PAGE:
Following on from Marvel’s Age of Republic and Age of Rebellion series’ (all of which were reviewed on this site) and their one-shot books on various Star Wars characters, we inevitably also get the Age of Resistance series, bringing us to the current, Sequel Era landscape.
And, in some ways, Age of Resistance felt more important than Age of Republic or Age of Rebellion: because we know those eras and those characters very well by now, whereas Age of Resistance had the opportunity to fill in some of the gaps in the contemporary Star Wars cinematic era and give more life to some of the current characters.
Does this series succeed in doing that? Well, yes and no.
Like both Age of Republic and Age of Rebellion, it’s a mixed bag: ranging from worthwhile and relevant offerings (the Kylo Ren book or the Phasma book) to rather inconsequential fluff (like the Finn book). On the whole, I think Age of Resistance fails to really offer enough in terms of strengthening or enhancing the Sequel Era mythology – which is therefore something of a missed opportunity.
That being said, there are nuggets of value to be found across the books.
So here’s a quick run-through of all of the books/titles that were released under the Age of Resistance banner.
Tom Taylor’s story for Star Wars: Age of Resistance – Finn doesn’t offer us much at all in terms of building up Finn’s character or fleshing out his backstory. It doesn’t tell us much or do anything to make Finn a more engaging figure. Which is a shame. It’s an ok diversion; telling us a minor, inconsequential tale that shows some of Finn’s compassion, even when he was in the First Order. But you wonder why an opportunity like this wasn’t used to do something more interesting.
Tom Taylor’s story for Age of Resistance: Captain Phasma is better, offering more of an insight into Captain Phasma’s psychology and her way of operating. It’s a useful piece of character-building for a character who has been largely under-utilised in the Sequel Trilogy movies, showing us how ruthless and calculating Phasma is and ultimately how little regard she has for the personal safety or even survival of the First Order troops under her command.
It’s a shame the films themselves couldn’t make Phasma a more interesting figure; but Tom Taylor‘s tale here provides at least something more for us.
I personally think an entire series exploring Phasma’s story might be very useful: in particular, her origins, the origins of her armour, and a backstory of how she ended up in the First Order in the first place. But a little story like this gives us something to chew on in the meantime, at least.
Age of Resistance: General Hux likewise offers us some backstory on the fanatical First Order figure who’s Hitler-esque speech to mark the Starkiller’s decimation of the Republic was one of the dramatic highlights of The Force Awakens. In a book that also heavily features Kylo Ren, we are shown some of Hux’s formative childhood experience as a son of an Imperial officer, some explanation for his indoctrination and his subsequent fanaticsm. We also get into his underlying driving force of ambition, which Taylor’s story seems to hone in on as the primary thing we should know about Hux.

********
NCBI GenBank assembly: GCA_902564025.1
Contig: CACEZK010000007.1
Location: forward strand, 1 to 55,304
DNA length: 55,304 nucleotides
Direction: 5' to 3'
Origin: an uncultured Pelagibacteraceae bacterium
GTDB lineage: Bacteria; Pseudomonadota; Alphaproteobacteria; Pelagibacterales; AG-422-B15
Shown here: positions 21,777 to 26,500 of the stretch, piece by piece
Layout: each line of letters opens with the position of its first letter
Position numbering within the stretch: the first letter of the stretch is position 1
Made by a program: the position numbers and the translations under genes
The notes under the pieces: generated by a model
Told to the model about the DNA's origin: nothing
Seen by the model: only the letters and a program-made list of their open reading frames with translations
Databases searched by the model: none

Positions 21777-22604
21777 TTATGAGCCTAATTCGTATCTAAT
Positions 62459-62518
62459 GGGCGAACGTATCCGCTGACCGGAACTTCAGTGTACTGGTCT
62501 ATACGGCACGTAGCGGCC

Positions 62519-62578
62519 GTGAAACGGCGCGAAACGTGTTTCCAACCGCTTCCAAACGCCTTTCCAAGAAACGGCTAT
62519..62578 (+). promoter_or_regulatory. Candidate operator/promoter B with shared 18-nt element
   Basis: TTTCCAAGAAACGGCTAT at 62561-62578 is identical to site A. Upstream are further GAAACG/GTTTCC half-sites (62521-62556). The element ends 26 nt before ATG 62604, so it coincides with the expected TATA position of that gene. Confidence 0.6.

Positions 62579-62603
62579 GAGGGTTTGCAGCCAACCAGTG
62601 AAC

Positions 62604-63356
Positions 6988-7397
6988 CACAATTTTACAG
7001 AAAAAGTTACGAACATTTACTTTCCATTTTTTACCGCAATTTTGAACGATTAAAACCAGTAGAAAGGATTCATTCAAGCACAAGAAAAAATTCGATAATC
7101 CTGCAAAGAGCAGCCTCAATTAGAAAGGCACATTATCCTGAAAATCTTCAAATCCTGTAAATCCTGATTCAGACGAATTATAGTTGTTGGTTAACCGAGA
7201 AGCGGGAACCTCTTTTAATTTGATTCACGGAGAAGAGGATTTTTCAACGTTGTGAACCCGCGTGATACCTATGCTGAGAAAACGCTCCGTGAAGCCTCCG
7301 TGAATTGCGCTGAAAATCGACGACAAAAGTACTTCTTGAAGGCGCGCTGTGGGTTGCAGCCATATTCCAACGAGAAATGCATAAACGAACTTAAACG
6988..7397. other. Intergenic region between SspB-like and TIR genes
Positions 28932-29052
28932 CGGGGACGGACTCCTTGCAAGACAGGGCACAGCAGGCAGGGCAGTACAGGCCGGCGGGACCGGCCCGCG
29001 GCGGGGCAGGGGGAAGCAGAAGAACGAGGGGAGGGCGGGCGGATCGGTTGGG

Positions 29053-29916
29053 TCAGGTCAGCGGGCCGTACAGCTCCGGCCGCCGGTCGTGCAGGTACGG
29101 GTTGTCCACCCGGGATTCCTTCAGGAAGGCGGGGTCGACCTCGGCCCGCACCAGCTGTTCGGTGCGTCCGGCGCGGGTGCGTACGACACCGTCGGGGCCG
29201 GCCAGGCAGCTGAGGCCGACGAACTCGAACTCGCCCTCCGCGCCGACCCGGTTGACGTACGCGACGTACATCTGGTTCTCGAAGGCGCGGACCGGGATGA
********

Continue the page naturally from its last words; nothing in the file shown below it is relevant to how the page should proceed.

It’s a decent story, telling us a bit more about Hux: and aided by having his relationship with Kylo Ren feature prominently.
Age of Resistance: Kylo Ren is probably the best of these books: which is unsurprising, as Kylo Ren is probably the most engaging of the Sequel Trilogy’s characters. In this story, we see Kylo leading a mission for the First Order, which happens to be the same mission – and in the same location – as a mission Darth Vader had once led for the Empire.
This story device is very clever, getting us in to the underlying psychology of Kylo and his obsession with his illustrious grandfather.
It’s clear that this idea of literally walking in the footsteps of his grandfather is a huge psychological event for the former Ben Solo: and the absolute best thing in this book is the visual juxtaposition that shows Kylo leading the First Order troops in the present while also showing us Vader leading the old Imperial troops in the past. They’re in the same place, carrying out the same attack, with the same objectives – two Dark Side force users of the same bloodline, separated merely by time.
It’s an engaging and evocative narrative device – and it alone is worth reading this book for.
Age of Resistance: Rey is surprisingly not that significant of a read; missing an opportunity to really say something new about the Sequel Trilogy’s main protagonist. Basically, it’s a minor tale that takes place between Rey’s return to Leia from the Starkiller base in The Force Awakens and her and Chewie setting off to find Luke on Ach-To.
The main tale itself, taking place in a salvage yard in space, is trivial filler: what’s most interesting here is Rey’s conversation with Leia about Han Solo’s death – essentially, a scene that was missing from TFA itself. It doesn’t tell us much, but it’s probably the only important thing in this book.